Laplink PCmover 3.0 Migration Software
- Migrates data and applications, includes data transfer cable
- Doesn't handle complex migrations gracefully, unclear instructions
PCmover will migrate your settings and programs well in most circumstances but we did experience some glitches that means you might need to reinstall some programs yourself.
Price$ 49.95 (AUD)
Best Deals (Selling at 1 store)
- Avid Advantage, Symphony Software, Expert Renewal 653.47
Looking to buy a new Vista PC but don't want to leave your carefully honed Windows XP software image behind? A PC migration application such as Laplink's PCmover 3.0 can -- usually -- help ease your transition.
Like its competitors -- the CA Desktop DNA Migrator and the Detto IntelliMover -- PCmover seeks out and copies common data files, program settings (e-mail accounts, browser favourites, and such), and the files and Registry information that contribute to the look and feel of your PC. Unlike the competition, however, version 3.0 of PCmover takes the process a step further and copies your applications, too. (The Microsoft Windows Easy Transfer Companion that comes with Windows Vista copies only applications -- not settings or data files.)
Transfers can be performed via USB, LAN, or CD/DVD. Laplink includes a USB-to-USB transfer cable with the program -- about a $US40 item otherwise. After installing the software on your old PC and your new one, you simply attach the cable and you're all set to move data.
Four of my five test migrations worked fine. However, I had trouble trying to migrate applications from a 750GB system to one with only 250GB of drive space. I instructed the utility to copy all of my applications, but because I had to deselect several drive partitions from the copy list to save space, PCmover didn't copy the applications on the deselected partitions. This was a rather unusual scenario, but a more intelligent program would have checked where the apps were located, or -- at the very least -- alerted me to the problem.
Other glitches: PCmover didn't copy my Firefox settings; transfers using the cable halted when I merely ejected a CD on the destination PC; and the program refused to resume the halted transfer -- I had to start the entire process over.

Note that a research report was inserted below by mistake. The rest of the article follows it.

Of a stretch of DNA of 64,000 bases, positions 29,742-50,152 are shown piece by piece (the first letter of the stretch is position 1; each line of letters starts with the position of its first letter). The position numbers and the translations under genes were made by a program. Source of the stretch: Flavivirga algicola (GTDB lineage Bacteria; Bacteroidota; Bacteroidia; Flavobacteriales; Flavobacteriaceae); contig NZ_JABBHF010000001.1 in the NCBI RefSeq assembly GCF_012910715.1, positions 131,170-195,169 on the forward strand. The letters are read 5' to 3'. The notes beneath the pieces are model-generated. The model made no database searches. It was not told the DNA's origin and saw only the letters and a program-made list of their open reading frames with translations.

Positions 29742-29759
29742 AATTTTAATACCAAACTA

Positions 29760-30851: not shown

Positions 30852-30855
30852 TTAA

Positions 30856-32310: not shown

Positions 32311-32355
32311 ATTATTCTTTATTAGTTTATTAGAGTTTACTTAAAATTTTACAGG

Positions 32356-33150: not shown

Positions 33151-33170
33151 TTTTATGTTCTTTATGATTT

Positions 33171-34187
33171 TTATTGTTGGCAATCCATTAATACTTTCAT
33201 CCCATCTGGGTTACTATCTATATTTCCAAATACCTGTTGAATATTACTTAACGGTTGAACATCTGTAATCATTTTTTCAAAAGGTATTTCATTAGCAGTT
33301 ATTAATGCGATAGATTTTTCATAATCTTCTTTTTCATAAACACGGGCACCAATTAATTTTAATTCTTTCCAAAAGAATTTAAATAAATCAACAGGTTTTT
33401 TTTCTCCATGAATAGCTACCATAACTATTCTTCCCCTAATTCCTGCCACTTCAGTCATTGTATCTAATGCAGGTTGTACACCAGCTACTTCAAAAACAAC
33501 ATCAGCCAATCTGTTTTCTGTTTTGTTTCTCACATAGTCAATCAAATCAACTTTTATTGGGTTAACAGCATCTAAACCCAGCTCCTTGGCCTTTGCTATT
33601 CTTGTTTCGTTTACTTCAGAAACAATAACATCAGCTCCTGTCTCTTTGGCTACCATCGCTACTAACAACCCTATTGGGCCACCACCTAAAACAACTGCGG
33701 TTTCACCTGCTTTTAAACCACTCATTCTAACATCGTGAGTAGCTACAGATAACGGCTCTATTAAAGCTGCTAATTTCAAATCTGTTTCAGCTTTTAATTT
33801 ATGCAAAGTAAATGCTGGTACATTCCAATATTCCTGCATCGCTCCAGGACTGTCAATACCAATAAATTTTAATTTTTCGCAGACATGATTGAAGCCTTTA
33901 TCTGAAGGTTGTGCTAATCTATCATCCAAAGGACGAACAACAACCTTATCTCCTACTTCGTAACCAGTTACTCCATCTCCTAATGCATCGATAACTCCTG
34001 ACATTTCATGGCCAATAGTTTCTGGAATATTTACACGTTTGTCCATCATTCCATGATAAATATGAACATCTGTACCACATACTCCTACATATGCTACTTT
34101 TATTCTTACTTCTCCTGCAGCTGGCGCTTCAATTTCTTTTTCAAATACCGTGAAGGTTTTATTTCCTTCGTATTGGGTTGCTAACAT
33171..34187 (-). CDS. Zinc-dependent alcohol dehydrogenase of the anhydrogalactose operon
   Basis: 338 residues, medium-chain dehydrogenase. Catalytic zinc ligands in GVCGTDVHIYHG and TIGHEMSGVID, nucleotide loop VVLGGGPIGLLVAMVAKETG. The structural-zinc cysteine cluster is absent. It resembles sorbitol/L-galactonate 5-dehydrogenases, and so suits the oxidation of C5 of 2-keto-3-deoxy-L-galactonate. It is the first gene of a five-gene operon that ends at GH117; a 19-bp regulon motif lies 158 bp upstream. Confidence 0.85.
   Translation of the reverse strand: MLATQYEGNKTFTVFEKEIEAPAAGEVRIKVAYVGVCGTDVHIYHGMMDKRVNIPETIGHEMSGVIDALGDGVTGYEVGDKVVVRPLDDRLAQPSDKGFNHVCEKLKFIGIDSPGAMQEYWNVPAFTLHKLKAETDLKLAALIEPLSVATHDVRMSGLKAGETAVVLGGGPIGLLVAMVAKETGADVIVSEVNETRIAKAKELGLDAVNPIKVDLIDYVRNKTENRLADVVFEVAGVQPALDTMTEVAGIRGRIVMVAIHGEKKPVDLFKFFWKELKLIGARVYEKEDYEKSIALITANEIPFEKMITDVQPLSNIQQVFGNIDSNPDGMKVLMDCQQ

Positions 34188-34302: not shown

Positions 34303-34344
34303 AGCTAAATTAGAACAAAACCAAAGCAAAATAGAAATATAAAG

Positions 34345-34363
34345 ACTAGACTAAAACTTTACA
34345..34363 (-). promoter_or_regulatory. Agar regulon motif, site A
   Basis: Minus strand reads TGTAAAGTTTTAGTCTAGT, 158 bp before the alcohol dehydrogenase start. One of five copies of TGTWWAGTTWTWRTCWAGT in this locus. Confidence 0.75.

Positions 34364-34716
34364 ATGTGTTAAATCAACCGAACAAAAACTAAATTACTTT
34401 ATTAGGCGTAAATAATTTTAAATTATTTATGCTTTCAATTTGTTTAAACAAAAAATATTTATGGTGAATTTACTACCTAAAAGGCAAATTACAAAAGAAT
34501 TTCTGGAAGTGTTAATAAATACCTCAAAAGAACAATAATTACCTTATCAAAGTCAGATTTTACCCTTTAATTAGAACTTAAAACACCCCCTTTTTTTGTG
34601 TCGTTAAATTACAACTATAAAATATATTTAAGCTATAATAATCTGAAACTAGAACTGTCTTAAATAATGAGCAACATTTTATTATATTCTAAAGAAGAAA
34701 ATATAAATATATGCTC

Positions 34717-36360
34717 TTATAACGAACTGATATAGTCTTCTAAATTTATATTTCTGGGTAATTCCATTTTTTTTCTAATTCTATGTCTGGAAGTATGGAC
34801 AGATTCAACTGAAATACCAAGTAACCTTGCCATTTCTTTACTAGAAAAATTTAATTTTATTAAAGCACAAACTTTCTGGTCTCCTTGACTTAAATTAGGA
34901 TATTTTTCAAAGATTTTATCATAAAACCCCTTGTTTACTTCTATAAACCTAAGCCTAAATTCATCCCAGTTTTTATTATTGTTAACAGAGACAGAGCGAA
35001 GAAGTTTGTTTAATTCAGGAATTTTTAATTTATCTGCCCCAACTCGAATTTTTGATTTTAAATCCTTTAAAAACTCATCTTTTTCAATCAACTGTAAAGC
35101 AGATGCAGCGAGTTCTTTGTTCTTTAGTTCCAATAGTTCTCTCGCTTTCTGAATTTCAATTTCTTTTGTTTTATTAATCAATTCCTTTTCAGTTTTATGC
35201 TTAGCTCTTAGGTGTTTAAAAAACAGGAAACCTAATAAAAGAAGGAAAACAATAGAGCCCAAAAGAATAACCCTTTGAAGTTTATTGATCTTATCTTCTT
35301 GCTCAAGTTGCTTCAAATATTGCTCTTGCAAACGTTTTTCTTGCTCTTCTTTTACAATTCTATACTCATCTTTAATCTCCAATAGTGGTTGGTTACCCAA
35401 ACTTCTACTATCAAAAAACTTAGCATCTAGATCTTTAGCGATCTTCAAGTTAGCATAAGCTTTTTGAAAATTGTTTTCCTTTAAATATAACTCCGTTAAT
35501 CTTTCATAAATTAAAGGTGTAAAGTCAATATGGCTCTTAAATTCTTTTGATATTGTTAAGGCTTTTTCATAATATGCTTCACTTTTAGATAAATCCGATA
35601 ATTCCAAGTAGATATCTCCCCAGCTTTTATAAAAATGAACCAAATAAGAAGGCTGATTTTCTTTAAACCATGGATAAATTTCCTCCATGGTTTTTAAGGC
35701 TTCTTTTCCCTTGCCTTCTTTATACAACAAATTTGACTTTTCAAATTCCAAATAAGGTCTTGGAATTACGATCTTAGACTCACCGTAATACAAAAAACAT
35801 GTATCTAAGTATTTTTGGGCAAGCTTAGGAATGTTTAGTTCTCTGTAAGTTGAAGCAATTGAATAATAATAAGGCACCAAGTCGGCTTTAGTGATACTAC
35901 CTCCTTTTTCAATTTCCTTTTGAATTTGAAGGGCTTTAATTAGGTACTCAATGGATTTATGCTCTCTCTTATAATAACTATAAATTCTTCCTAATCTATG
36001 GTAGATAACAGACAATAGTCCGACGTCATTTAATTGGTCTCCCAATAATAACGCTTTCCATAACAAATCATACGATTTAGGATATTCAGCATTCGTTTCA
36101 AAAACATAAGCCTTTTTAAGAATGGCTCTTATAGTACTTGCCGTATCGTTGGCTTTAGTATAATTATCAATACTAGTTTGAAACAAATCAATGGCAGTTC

PCmover will migrate your settings and programs nicely in most circumstances; just remember that if your image strays from the norm, you might need to reinstall some apps yourself.
Join the Good Gear Guide newsletter!
Most Popular Reviews
- 1 Motorola Moto X (2nd Gen) review: Raising the bar
- 2 Xiaomi Mi4 review: Xiaomi's best yet
- 3 Samsung Galaxy Note Edge review: Lightly flawed, Undeniably special
- 4 Sony Xperia Z3 review: The no-frills flagship
- 5 Samsung's Galaxy Alpha review: A peek into the Galaxy S6
Best Deals on GoodGearGuide
Latest News Articles
- FBI consultant: Silk Road founder carried millions worth of bitcoins on laptop
- Wi-Fi issues continue to hamper OS X users despite updates
- FCC redefines advanced broadband as 25 Mbps, Republicans blow a gasket
- Apple now neck-and-neck with Samsung after monster quarter
- EMC plans layoffs in wake of weakened outlook
GGG Evaluation Team
First impression on unpacking the Q702 test unit was the solid feel and clean, minimalist styling.
For work use, Microsoft Word and Excel programs pre-installed on the device are adequate for preparing short documents.
The Fujitsu LifeBook UH574 allowed for great mobility without being obnoxiously heavy or clunky. Its twelve hours of battery life did not disappoint.
The screen was particularly good. It is bright and visible from most angles, however heat is an issue, particularly around the Windows button on the front, and on the back where the battery housing is located.
My first impression after unboxing the Q702 is that it is a nice looking unit. Styling is somewhat minimalist but very effective. The tablet part, once detached, has a nice weight, and no buttons or switches are located in awkward or intrusive positions.